Ethanol has concentration-dependent effects on hypothalamic POMC neuronal excitability

Jonna M. Leyrer-Jackson, Erin K. Nagy, Lauren E. Hood, Jason M. Newbern, Cassandra D. Gipson, M. Foster Olive

Research output: Contribution to journalArticlepeer-review

5 Scopus citations


Alcohol abuse is a worldwide public health concern, yet the precise molecular targets of alcohol in the brain are still not fully understood. Alcohol may promote its euphoric and motivational effects, in part, by activating the endogenous opioid system. One particular component of this system consists of pro-opiomelanocortin (POMC) -producing neurons in the arcuate nucleus (ArcN) of the hypothalamus, which project to reward-related brain areas. To identify the physiological effects of ethanol on ArcN POMC neurons, we utilized whole cell patch-clamp recordings and bath application of ethanol (5–40 mM) to identify alterations in spontaneous baseline activity, rheobase, spiking characteristics, or intrinsic neuronal properties. We found that 10 mM ethanol increased the number of depolarization-induced spikes in the majority of recorded cells, whereas higher concentrations of ethanol (20–40 mM) decreased the number of spikes. Interestingly, we found that basal firing rates of ArcN POMC neurons may predict physiological responding to ethanol. Rheobase and spontaneous activity, measured by spontaneous excitatory post-synaptic potentials (EPSPs) at rest, were unchanged after exposure to ethanol, regardless of concentration. These results suggest that ethanol has concentration-dependent modulatory effects on ArcN POMC neuronal activity, which may be relevant to treatments for alcohol use disorders that target endogenous opioid systems.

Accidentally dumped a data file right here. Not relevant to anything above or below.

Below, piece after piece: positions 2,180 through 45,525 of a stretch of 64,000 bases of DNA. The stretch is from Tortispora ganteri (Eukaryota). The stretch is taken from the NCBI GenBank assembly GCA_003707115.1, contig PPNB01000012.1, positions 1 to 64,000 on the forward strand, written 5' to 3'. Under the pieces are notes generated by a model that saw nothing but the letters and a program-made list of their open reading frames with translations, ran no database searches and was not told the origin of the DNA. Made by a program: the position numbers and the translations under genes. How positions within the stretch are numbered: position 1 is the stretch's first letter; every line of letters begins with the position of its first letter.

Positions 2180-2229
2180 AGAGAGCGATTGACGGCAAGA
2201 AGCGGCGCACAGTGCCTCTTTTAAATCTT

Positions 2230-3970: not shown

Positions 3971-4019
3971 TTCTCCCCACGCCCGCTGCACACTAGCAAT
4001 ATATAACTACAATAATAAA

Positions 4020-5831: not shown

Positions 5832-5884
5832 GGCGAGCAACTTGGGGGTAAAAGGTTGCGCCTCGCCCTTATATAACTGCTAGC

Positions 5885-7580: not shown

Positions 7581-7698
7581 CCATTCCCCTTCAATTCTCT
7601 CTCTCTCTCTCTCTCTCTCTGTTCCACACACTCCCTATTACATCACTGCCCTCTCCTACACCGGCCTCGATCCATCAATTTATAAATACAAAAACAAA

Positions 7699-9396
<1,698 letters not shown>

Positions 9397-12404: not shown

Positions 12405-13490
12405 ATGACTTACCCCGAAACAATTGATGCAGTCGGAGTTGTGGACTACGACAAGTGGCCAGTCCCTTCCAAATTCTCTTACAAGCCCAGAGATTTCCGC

Original languageEnglish
Pages (from-to)103-112
Number of pages10
StatePublished - Aug 2020

Bibliographical note

Publisher Copyright:
© 2020 Elsevier Inc.


  • Alcohol
  • Hypothalamus
  • Neuronal excitability
  • POMC
  • Pro-opiomelanocortin
  • Rheobase

ASJC Scopus subject areas

  • Health(social science)
  • Biochemistry
  • Toxicology
  • Neurology
  • Behavioral Neuroscience


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